DA: Hells Angels member plotted revenge, leading to Antioch chase

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MARTINEZ — Speaking to jurors Thursday, a prosecutor described a 2015 car chase through the streets of Antioch as the result of a revenge plot by a Hells Angels member who was sour over a missing car.

The defense attorney, meanwhile, accused prosecutors of overcharging his client, denied any such revenge plot existed, and said authorities were grossly misrepresenting the nature of the Hells Angels Motorcycle Club.

Steven Navarro, described by attorneys as a member of the Hells Angels Richmond chapter, has been charged with conspiracy to commit an assault with a firearm, possessing meth while armed, and other gun possession charges. Additionally, authorities filed a child abuse charge against Navarro, after finding a gun in a dresser inside the garage of his West Contra Costa home, where a young child sometimes stayed.

Prosecutor Chad Mahalich, during Thursday’s closing arguments, said Navarro was angry with a woman who had borrowed a car from Navarro and never returned it, leading Navarro to initiate a car chase after the woman through Antioch city streets.

Navarro’s attorney, Erick Guzman, conceded his client was angry about the car, but said the alleged plot to attack the woman was preposterous. He said Navarro’s gun was legal, that he was a passenger in the car, and he described the Hells Angels as a patriotic organization with “a strong connection to veterans.”

Mahalich said that in May, 2015 Navarro received a text message from a so-far uncharged co-conspirator saying the woman was at the Red Caboose, a popular Antioch eatery. As the woman was driving away from the restaurant, Navarro and another man drove up. She later told police she was afraid Navarro had a gun. She sped away and the car followed her, Mahalich said.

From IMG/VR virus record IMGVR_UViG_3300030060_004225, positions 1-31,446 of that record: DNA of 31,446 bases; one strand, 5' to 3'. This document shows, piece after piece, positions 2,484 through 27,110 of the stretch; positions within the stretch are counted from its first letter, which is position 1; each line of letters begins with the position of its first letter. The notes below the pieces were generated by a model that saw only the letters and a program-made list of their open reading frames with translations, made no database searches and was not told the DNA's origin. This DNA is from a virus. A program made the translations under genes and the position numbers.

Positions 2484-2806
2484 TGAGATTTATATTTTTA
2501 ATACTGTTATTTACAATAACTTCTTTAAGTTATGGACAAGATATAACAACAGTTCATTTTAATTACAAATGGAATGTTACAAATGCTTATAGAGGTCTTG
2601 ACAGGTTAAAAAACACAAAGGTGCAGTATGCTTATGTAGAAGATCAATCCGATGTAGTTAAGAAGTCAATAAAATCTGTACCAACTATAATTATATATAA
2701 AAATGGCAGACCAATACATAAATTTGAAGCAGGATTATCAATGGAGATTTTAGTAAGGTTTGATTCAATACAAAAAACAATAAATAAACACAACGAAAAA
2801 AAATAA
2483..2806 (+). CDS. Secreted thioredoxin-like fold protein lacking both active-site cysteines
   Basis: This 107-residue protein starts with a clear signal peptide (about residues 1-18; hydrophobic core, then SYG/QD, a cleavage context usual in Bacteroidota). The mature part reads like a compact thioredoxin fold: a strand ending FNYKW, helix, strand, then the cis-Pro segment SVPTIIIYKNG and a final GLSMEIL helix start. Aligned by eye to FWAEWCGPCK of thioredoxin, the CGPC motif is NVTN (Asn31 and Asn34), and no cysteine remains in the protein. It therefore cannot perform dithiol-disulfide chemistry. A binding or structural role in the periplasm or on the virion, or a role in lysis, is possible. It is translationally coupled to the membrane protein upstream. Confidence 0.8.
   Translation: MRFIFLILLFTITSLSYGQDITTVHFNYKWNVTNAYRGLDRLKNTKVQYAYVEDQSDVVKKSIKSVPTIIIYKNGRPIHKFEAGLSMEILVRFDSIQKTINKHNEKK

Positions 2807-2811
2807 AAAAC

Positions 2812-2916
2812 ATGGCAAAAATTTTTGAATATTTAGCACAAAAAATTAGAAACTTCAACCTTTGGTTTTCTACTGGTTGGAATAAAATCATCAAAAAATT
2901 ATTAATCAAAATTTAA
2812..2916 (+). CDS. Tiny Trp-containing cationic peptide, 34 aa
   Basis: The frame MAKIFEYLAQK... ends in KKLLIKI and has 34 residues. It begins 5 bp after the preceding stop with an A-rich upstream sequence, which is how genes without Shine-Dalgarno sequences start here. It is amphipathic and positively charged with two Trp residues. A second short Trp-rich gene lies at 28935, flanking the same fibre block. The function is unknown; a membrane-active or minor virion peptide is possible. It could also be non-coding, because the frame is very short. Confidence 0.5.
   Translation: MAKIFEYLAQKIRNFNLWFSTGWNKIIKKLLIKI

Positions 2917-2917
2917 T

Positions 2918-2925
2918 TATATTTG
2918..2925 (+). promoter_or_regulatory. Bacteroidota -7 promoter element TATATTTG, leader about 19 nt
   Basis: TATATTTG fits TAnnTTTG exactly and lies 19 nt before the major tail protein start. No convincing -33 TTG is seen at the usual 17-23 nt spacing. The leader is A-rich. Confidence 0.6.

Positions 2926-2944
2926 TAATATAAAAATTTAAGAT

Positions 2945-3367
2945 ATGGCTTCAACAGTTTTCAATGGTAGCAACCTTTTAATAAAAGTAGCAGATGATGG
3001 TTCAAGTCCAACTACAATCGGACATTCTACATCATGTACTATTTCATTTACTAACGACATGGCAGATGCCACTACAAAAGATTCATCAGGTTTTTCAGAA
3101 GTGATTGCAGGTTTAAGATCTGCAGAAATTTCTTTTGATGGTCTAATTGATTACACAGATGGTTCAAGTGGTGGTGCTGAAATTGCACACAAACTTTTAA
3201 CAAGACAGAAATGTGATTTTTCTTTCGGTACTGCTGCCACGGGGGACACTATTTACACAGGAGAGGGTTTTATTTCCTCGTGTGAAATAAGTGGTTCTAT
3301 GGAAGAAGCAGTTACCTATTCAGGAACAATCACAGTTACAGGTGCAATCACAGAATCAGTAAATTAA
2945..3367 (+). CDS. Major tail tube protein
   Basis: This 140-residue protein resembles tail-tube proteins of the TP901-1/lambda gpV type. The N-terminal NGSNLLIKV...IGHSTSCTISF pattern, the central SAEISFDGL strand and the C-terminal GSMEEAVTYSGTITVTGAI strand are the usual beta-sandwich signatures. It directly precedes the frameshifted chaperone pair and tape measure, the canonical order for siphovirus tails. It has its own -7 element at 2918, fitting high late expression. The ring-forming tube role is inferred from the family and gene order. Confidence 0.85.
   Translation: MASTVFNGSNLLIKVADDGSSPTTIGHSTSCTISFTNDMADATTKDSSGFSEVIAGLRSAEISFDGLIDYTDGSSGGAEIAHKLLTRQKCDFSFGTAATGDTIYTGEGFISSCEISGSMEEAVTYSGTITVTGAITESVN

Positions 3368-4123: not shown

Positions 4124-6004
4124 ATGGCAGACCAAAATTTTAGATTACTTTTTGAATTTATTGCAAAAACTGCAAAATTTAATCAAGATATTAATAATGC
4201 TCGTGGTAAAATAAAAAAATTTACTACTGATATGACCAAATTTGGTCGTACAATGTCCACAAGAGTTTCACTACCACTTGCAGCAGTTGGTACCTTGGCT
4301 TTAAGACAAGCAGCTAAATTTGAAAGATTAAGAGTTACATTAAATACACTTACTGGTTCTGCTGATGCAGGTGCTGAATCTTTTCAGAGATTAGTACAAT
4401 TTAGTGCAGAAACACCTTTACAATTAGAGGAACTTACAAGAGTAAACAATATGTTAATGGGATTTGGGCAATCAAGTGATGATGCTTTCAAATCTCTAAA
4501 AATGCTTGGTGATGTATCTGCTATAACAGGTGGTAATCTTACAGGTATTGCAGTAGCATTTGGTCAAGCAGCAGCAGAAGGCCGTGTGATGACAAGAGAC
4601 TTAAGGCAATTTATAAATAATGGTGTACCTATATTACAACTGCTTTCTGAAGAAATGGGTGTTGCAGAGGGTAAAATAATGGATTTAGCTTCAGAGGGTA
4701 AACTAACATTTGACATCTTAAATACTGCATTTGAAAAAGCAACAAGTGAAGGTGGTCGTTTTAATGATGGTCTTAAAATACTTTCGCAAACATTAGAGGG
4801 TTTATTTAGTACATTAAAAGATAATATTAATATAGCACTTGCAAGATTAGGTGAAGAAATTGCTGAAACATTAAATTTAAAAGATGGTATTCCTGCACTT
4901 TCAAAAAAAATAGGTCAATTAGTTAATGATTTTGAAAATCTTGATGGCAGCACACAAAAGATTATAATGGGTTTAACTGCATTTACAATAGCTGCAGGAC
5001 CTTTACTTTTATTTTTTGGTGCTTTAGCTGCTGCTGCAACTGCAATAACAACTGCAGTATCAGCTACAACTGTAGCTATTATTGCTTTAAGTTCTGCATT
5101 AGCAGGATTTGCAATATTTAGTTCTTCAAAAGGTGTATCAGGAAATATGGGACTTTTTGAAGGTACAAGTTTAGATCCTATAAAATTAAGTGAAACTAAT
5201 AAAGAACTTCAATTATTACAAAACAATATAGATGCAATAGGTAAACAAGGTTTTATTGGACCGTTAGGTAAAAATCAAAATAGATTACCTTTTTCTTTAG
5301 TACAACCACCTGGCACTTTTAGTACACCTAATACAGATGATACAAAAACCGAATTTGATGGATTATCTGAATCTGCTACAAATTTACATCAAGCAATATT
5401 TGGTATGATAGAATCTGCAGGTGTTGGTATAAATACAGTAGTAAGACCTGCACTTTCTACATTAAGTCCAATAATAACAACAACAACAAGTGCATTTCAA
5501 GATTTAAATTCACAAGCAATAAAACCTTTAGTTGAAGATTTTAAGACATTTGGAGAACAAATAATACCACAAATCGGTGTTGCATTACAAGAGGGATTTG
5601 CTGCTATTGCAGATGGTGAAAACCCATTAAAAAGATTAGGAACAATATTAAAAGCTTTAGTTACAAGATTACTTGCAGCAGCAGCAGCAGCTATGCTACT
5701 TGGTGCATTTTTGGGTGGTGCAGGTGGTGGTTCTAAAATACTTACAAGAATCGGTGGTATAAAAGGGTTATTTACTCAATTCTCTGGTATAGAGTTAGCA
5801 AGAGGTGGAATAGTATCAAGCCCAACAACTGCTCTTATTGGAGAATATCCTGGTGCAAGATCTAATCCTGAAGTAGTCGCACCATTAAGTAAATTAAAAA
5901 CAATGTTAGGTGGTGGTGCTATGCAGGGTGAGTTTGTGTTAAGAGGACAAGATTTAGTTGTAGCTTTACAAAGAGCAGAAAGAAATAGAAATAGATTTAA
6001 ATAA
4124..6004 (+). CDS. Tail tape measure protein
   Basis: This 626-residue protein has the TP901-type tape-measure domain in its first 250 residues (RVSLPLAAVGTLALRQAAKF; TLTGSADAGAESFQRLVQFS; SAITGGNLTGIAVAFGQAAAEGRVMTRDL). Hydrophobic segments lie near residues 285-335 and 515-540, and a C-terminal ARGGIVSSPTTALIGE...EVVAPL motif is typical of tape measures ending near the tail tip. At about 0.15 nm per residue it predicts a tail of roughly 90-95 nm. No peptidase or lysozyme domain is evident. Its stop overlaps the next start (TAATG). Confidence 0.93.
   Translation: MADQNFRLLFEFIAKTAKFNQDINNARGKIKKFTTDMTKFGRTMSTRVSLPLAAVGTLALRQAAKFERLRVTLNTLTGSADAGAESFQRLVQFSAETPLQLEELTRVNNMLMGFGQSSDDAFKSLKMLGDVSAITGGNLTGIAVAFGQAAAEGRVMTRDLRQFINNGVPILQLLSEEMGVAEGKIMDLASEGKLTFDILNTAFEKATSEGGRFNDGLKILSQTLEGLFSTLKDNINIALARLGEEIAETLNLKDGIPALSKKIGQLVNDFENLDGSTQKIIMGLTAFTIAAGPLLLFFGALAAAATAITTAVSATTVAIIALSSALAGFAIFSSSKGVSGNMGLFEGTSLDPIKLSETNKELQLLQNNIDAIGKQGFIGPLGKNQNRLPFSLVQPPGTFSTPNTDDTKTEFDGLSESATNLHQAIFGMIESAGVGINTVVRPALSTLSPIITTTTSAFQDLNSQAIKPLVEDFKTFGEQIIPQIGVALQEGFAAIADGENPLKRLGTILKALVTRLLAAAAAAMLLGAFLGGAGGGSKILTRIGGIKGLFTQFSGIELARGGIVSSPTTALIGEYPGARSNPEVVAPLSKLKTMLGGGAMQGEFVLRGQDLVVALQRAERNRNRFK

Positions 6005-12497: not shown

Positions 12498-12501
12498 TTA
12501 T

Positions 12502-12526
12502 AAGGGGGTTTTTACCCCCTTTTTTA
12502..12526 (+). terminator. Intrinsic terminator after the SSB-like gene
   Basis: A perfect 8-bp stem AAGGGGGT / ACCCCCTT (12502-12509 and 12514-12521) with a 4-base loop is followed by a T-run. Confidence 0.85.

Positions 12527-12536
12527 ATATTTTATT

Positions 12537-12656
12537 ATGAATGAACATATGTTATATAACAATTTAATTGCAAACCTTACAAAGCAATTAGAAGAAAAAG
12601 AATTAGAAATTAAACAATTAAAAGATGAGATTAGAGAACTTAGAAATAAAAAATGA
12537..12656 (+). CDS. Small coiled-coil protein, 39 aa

As luck would have it, the two cars sped past a pair of Antioch police captains, Diane Aguinaga and Leonard Orman, who were on their way back from lunch. They pursued the cars and the one carrying Navarro crashed. He was arrested, but the car’s other occupant got away, Mahalich said. A gun registered to Navarro was later found under a nearby parked car.

When he was arrested, Navarro was in possession of “Hells Angels memorabilia,” Mahalich said. He asked jurors to find Navarro guilty of gang enhancement charges, which allege Navarro committed the offenses to benefit the biker club.

“A lady owed a debt and didn’t pay,” Mahalich said. “It was disrespectful to Mr. Navarro and his status as a Hells Angel. He couldn’t let it go.”


Guzman mocked the notion that the entire Hells Angels Richmond chapter “cared about (Navarro’s) Subaru.”

“The Hells Angels are a motorcycle club, they’re not a gang,” Guzman said, adding that on one Hells Angels brochure introduced as evidence there was an ad for a local dentist office.

“I don’t really think there are gangster dentists out there who are associating with a group that’s that bad,” he said.

Guzman said the child abuse charge was an example of how prosecutors were out to get Navarro. He said the young child wasn’t staying at the home when authorities found the gun, that the gun was in a dresser that was blocked by a motorcycle, and that the child wasn’t allowed to be in the garage alone.

Mahalich, though, said the gun’s placement was an accident waiting to happen.

“Anyone who has kids knows that kids get into everything,” he said.

Jurors began deliberating Friday.

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